Mistakes.  We’ve all made them.  Some of mine have been real doozies.  Family and friends can attest to that.  Ideally we learn from them and from the mistakes of others.  But we don’t always pay enough attention to the details of the lesson.  But if you eat crow enough times, you learn how.

Years ago a young man raised in the city visited a farm that used some electric fences to keep livestock in place.  The youngster had never heard of an electric fence, and asked if it would hurt if he touched it.  Assured that “it only hurt a little bit” he gingerly reached out a finger and got a pretty good zapping, much to the delight of his farming relatives.

But the lesson didn’t sink in quite enough; he let himself be convinced if he held the hand of another person who touched the electric fence, he wouldn’t feel it because only the person touching the fence would feel it.  Feeling confident, he grasped the hand of his cousin who then grabbed the electric fence.  Immediately he felt the same hard shock!  It hadn’t made any difference at all!

Try as they might, his cousins could not convince him that if he was the THIRD person holding the hand of a person holding the hand of the person who touched the fence he absolutely would not feel it.   There was no way he would do it.  And he was right.  I can testify as the third guy holding the hand of one older brother who was holding the hand of another older brother who grabbed the electric fence– it shocked!  Sometimes even farm kids learned the hard way.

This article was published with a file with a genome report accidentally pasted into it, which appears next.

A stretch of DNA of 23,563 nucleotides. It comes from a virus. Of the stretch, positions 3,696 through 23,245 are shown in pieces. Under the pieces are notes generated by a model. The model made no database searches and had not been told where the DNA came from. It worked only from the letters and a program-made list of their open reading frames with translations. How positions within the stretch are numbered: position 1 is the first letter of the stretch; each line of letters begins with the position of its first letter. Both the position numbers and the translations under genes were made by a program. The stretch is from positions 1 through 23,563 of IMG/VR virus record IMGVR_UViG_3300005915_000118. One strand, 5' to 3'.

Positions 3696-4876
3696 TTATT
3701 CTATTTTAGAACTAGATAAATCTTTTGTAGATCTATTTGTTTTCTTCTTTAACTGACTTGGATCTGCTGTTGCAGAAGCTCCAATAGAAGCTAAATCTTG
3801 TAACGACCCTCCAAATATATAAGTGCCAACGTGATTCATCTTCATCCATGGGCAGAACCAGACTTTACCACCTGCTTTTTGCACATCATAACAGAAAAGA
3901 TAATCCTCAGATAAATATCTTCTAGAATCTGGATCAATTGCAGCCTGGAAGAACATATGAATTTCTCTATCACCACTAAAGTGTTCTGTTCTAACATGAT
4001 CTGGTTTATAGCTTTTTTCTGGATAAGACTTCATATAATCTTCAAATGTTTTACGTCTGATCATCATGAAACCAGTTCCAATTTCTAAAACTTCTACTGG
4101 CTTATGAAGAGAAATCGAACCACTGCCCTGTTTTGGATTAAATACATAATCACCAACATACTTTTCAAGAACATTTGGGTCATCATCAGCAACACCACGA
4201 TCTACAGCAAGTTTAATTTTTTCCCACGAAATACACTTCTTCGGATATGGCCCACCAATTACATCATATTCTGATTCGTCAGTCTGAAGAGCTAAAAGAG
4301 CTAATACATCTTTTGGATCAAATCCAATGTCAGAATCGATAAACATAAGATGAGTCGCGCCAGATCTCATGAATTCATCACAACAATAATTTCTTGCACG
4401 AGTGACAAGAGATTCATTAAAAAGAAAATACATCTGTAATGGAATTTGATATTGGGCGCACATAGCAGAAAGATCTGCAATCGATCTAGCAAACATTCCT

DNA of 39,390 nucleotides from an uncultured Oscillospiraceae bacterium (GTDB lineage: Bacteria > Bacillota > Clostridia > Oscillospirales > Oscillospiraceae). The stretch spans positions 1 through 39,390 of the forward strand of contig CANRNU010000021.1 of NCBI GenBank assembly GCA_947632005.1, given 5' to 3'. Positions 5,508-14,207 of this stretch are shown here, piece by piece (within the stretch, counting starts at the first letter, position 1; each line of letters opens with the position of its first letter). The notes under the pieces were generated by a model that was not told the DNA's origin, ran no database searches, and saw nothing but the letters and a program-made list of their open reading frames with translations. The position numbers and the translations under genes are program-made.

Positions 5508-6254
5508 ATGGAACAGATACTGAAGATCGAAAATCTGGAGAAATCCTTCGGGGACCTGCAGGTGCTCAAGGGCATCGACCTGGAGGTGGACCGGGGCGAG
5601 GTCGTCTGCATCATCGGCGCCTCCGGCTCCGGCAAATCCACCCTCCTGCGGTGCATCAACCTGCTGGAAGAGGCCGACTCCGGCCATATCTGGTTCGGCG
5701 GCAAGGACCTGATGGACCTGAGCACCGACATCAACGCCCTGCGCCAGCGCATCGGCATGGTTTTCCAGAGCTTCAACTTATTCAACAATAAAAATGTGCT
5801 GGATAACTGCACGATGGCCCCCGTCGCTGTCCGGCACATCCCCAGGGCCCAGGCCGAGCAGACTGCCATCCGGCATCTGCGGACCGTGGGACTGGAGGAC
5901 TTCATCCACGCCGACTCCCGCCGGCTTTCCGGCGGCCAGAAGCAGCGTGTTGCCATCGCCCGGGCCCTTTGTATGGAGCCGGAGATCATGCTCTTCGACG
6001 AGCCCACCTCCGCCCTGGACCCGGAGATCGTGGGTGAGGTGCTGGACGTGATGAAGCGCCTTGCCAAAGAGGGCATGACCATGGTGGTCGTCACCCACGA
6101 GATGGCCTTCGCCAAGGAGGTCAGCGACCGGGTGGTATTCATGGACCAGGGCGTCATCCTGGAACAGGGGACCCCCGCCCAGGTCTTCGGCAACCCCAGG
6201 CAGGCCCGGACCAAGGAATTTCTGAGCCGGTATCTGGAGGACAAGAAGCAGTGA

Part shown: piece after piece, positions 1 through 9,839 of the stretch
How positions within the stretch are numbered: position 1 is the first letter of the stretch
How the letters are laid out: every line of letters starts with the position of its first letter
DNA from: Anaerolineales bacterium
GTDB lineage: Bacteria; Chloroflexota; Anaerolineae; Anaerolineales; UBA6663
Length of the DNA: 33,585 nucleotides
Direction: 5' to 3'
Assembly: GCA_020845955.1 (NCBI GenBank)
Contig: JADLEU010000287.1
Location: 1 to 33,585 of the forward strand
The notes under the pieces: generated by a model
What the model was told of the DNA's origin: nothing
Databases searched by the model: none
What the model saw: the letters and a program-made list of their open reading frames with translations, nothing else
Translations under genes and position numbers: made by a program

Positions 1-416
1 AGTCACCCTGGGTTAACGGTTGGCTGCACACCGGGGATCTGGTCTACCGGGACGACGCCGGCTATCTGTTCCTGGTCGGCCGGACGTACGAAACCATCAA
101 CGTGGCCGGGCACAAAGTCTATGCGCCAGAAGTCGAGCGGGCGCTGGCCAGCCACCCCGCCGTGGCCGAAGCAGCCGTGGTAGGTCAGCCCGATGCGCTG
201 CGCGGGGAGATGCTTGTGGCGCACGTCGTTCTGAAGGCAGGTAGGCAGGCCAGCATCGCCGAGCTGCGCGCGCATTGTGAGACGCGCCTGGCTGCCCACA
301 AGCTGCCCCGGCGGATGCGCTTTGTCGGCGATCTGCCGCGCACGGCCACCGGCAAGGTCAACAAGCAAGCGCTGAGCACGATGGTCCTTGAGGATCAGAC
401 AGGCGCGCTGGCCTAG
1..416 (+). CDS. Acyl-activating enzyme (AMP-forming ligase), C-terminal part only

Unfortunately not all of our mistakes are laughable.  Sometimes even when we honestly goof it results in hurting someone else or ourselves.

I met a young man who was able to live alone and take care of himself adequately, but just barely.  He was in his mid thirties, and had only one disability:  he had fried his brain on drugs.  The most heart-rending part of his story is he is capable of understanding that he is the way he is because of his drug use.  The choices he made resulted in life becoming harder than it might have been.  Now he bravely faces the results of his decisions, and blames no one else.

Today no one knows how to say “I’m sorry.”  No one wants to take responsibility for their own actions.  No one wants to admit their mistakes. Everyone wants to do their own thing no matter what anyone else says.  We have raised a generation of people who are interested in individual rights but don’t understand or know how to integrate their lives and actions into a Free Society.  There’s a fine balance between individual rights and the rights of a Free society.  One watches out for the other.

C.S Lewis said history is “that long, terrible story of Man trying to find something other than God which will make him happy.”   The Founding Fathers had a good idea of where God should fit into these United States, but our pursuit of happiness became more important than God, Who is the Author of Happiness.

Someone said a genius is one who has heard the Voice of God and is trying desperately to keep up.  I contend that if we seek God and once get a glimpse of Him we will find the experience that will bring true happiness.  Then we will pursue God instead of things and possessions that will not last.